Harry Belafonte

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My songs reflect the human condition. The role of art isn't just to show life as it is, but to show life as it should be.

Harold George Belafonte, Jr. (born 1 March, 1927) is an African-American musician, actor and social activist, born in New York, New York, United States of Jamaican ancestry. He was dubbed the "King of Calypso" for popularizing the Caribbean musical style in the 1950s. Belafonte is perhaps best known for singing the "Banana Boat Song", with its signature lyric "Day-O". Throughout his career, he has been an advocate for civil rights and humanitarian causes. In recent years he was a vocal critic of the policies of the George W. Bush presidential administration.

Sourced[edit]

The sham engineers of the music industry, who steer the wheels of public opinion, are driving the good features of calypso into the ground.
Each and every one of you has the power, the will and the capacity to make a difference in the world in which you live in.
My social and political interests are part of my career. I cannot separate them.
  • The sham engineers of the music industry, who steer the wheels of public opinion, are driving the good features of calypso into the ground. I shudder to think what these greedy men will eventually do to this true art form.
    • As quoted in New Musical Express ( May 1957), also in NME Rock 'N' Roll Years (1992) by John Tobler, p. 40
  • On all levels of life and as each day unfolds, respect for Dr. Martin Luther King, Jr. grows impressively, and the essence of this respect is the fact that he had deeper insights than most of us have appreciated. It is not mere poetry to call him prophetic. The accuracy of his prophecies is almost uncanny.
    By the early 1950's history had endowed him with a sense of the precise moment that Black people were ready for mass action, ready for its risks, and ready for its responsibilities.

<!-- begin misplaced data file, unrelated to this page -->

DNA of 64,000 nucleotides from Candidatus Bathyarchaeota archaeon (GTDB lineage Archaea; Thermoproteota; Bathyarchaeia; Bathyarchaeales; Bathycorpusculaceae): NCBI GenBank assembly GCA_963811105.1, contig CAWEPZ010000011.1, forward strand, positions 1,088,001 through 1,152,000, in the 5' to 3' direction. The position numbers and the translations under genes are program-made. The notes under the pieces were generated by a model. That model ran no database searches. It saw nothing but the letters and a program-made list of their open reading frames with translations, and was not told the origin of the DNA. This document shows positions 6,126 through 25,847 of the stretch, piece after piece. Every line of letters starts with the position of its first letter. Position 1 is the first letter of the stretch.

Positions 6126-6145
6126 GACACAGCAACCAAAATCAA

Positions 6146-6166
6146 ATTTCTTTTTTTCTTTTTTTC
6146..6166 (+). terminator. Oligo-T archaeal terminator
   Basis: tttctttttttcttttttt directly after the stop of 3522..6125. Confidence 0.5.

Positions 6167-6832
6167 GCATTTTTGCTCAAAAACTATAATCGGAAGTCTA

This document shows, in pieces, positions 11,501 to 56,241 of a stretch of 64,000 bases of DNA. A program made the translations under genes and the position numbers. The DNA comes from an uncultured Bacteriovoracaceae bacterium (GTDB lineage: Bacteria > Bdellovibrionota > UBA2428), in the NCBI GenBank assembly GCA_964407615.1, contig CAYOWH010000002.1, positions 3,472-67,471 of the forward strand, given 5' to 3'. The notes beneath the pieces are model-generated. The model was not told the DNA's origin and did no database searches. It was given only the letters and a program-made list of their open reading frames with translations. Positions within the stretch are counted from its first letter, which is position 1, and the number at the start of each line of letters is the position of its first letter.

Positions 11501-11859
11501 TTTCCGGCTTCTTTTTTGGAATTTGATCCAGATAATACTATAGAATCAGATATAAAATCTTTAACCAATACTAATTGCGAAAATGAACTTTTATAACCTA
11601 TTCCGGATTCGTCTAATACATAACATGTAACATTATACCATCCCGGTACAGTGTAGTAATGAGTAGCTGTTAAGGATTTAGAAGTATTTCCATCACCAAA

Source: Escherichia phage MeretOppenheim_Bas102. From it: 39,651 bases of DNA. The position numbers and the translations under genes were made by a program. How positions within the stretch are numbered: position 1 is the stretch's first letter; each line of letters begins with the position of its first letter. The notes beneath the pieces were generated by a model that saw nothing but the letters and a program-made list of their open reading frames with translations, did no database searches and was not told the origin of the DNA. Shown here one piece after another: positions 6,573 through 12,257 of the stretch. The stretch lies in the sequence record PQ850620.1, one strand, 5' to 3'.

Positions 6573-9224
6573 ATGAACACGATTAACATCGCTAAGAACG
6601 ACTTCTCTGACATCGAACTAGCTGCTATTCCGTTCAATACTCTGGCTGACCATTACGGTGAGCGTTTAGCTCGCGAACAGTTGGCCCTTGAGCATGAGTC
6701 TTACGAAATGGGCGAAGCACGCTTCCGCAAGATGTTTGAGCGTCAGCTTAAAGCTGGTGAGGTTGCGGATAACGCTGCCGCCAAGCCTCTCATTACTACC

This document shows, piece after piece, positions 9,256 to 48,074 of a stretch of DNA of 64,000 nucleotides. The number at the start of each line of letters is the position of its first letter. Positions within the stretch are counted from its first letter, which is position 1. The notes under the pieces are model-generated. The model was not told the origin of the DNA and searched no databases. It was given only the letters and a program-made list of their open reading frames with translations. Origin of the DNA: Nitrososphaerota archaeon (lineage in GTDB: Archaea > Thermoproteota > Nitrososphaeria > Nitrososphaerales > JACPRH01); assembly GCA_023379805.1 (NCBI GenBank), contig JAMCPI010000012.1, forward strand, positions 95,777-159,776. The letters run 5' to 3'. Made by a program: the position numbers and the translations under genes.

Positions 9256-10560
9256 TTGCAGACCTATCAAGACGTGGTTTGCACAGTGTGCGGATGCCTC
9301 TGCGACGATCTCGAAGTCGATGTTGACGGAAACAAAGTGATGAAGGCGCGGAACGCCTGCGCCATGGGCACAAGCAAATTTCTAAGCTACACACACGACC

• "Martin Luther King, Jr : A Personal Tribute" in Freedomways Vol. 12, No. 1 (1972); also in Freedomways Reader : Prophets in their own Country (2000) By Esther Cooper Jackson and Constance Pohl, p. 378
  • When I was 40 and looking at 60, it seemed like a thousand miles away. But 62 feels like a week and a half away from 80. I must now get on with those things I always talked about doing but put off.
    • As quoted in Jet magazine (‪‪8 January 1990‬‬), p. 40
  • I work for the United Nations. I go to places where enormous upheaval and pain and anguish exist. And a lot of it exists based upon American policy. Whom we support, whom we support as heads of state, what countries we've helped to overthrow, what leaders we've helped to diminish because they did not fit the mold we think they should fit, no matter how ill advised that thought may be.
  • I think most important is that we have words that attempt to give us moral cleansing, so that somehow we hold those responsible for crashing into the Twin Towers and killing over 2,000 Americans citizens in cold blood, which is an act of terrorism — people who have done that should be sought out and brought to justice; there’s no question of that — but when we do what we have done, illegal war, going into the Middle East, bombing at will, and then hundreds of thousands of people get caught, who are either maimed or over 100,000 have already been killed, who are innocent men, women and children, and we chalk that off to a thing called "collateral damage," as if somehow that murderous thing that we’re doing so cruelly and so inhumanely has no judgment before world opinion, that we are somehow righteous and above criticism and above the law. That is unacceptable. And that’s what I speak out against.